No nor­mal­ity

The chaos and row­di­ness of Par­lia­ment re­cently re­flects ac­cu­rately the state of the na­tion

Weekend Witness - - Opinion - BAR­BER­SHOP GIRL Ran­jeni Munusamy

WHEN t ele­vi­sion w as s till a nov­elty and sit­ting in a class­room was pun­ish­ment f or a rest­less child, ther e was noth­ing more thrilling than be­ing as­sem­bled to watch an e vent of na­tional im­port ance.

It was the mid­eight­ies and the apartheid gov­ern­ment was try­ing to in­doc­tri­nate its pro­pa­ganda on im­pres­sion­able minds. So we were made to watch the open­ing of Par­lia­ment, which some­one in authorit y pr obably thought w ould im­press and build p atri­o­tism among young childr en in r acially se gre­gated schools. It didn’ t.

Some­where bet ween the p arade of sol­diers r ep­re­sent­ing the oppr es­sive force of the ap artheid r egime and P.W. Botha tak­ing the na­tional sa­lut e, the hair­pulling and chair­kick­ing started in our small school hall.

No amount of r ep­ri­mand­ing and threats of de­ten­tion could keep the fid­gety horde quiet and even­tu­ally we were dis­patched b ack t o our clas srooms.

I thought about this on T hurs­day night while watch­ing the fi­nal se ssion of the Na­tional Assem­bly for the year.

There I was try­ing to make sense of it all while mem­bers of Par­lia­ment be­haved lik e r owdy schoolchildr en — quite a r ole r ev­er­sal.

The spe­cial sit­ting was called to deal with un­fin­ished bu­sine ss f or the y ear, which in­cluded the Eco­nomic Free­dom Fight­ers’ (EFF) dis­ci­plinary mat ter.

The ANC­dom­i­nat ed P ow­ers and Priv­i­leges Com­mit­tee had rec­om­mended sus­pen­sion with­out pay for EFF MPs who dis­rupt ed pr oceed­ings in P ar­lia­ment in Au­gust while de­mand­ing that Pres­i­dent J acob Zuma p ay b ack the money f or ben­e­fit s he r eceived at Nkandla. As has bec ome the tr end re­cently, the EFF at tempted a fil­ibus ter to pr event the r eport be­ing adopt ed.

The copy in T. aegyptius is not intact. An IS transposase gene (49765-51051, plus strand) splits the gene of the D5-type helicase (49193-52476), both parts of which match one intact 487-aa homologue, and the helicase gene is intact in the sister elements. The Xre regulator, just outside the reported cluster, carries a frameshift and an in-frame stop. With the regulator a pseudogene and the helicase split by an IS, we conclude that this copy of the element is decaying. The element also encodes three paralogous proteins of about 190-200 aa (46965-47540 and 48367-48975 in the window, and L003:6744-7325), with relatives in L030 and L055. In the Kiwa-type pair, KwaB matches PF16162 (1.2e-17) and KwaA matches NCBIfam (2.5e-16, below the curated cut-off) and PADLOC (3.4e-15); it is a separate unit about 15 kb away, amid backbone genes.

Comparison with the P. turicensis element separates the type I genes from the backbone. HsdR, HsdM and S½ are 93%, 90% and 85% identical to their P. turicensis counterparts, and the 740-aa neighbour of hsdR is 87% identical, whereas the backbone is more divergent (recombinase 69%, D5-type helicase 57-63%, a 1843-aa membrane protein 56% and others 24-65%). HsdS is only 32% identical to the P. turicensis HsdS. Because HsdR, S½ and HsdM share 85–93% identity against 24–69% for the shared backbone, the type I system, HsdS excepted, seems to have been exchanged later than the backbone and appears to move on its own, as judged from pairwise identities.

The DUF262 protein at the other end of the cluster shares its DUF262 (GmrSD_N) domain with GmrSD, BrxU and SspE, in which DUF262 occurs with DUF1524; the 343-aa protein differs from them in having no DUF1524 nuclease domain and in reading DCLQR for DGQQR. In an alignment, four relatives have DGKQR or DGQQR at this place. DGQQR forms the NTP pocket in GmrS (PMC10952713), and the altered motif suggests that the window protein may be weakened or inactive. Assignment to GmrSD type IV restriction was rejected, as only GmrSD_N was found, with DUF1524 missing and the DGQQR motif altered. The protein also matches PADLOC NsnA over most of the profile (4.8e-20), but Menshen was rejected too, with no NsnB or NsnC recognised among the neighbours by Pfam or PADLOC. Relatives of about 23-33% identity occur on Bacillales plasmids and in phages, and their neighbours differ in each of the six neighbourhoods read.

What en­sued w as hours of ar gu­ing and in­ter­rup­tions, and a clash of wills with the pr es­id­ing offic ers. The ir ony is that Par­lia­ment now makes for riv­et­ing tele­vi­sion view­ing, as the the­atrics of MPs t end t o be mor e ent er­tain­ing than an y lo­cal so ap oper a.

The diff er­ence bet ween this P ar­lia­ment and the one of three decades ago is that the se ar e our democr at­i­cally elected rep­re­sen­ta­tives who are meant to rep­re­sent all our needs and in­ter­ests, in­stead of a pri vi­leged f ew.

Yet you watch the pro­ceed­ings in be­wil­der­ment, w on­der­ing w hat ne w depths the “hon­ourable mem­bers” will plunge t o ne xt.

The ANC has been ar­gu­ing that the an­tics of the op­po­si­tion ar e aimed at un­der­min­ing the work of gov­ern­ment. It be­lieves that the EFF and Demo­cratic Al­liance have united to cause “an­ar­chy” and em­bar­rass the pres­i­dent and mem­bers of the cab­i­net.

Op­po­si­tion p arties claim that the pres­i­dent, backed by the ANC, is dis­re­spect­ing the con­sti­tu­tional im­per­a­tives of ac count­abil­ity and p ar­lia­men­tary over­sight. They be­lieve that noth­ing is more im­por­tant than hold­ing the pres­i­dent to ac­count. As Deput y Pres­i­dent Cyril Ramaphosa dis­cov­ered last week, there ap­pear s t o be no w ay t o bridg e the di­vide, and it is likely to carry over to next year. But what hap­pens ne xt?

Do we watch aghast as the pan­de­mo­nium con­tin­ues in Par­lia­ment, or do we want the dec orum and dail y grind of pass­ing le gis­la­tion and dis­cus sing de­part­men­tal work t o r eturn?

What type of Par­lia­ment best rep­re­sents the s tate of South Africa at present? The truth of the mater is that the pomp and cer­e­mony of the open­ing of Par­lia­ment, while be­ing an im­pres­sive dis­play, is f ar re­moved from South African life, just as it was 30 years ago.

Our coun­try is in a state of con­fu­sion and is lead­er­less. Peo­ple are look­ing for an­swers as to why ser­vices have bro­ken down and the de­liv­ery of ba­sic ser­vices is not c om­ing their w ay. E skom is a prime e xam­ple of ho w a s tate­owned en­ter­prise can be run into the ground, threat­en­ing the en­ergy sup­ply of the na­tion and our eco­nomic fu­ture. Ac­count­abil­ity for this is not f or­th­com­ing. So per­haps it is appr opri­ate that P ar­lia­ment, the rep­re­sen­ta­tion of our demo­cratic will, is in a s tate of chaos.

Why should there be a façade of nor­mal­ity and deco­rum when the state of our na­tion r eflects the op­posit e? • Ran­jeni Munusamy is a politic al jour­nal­ist and c or­re­spon­dent f or the Daily Ma ver­ick.

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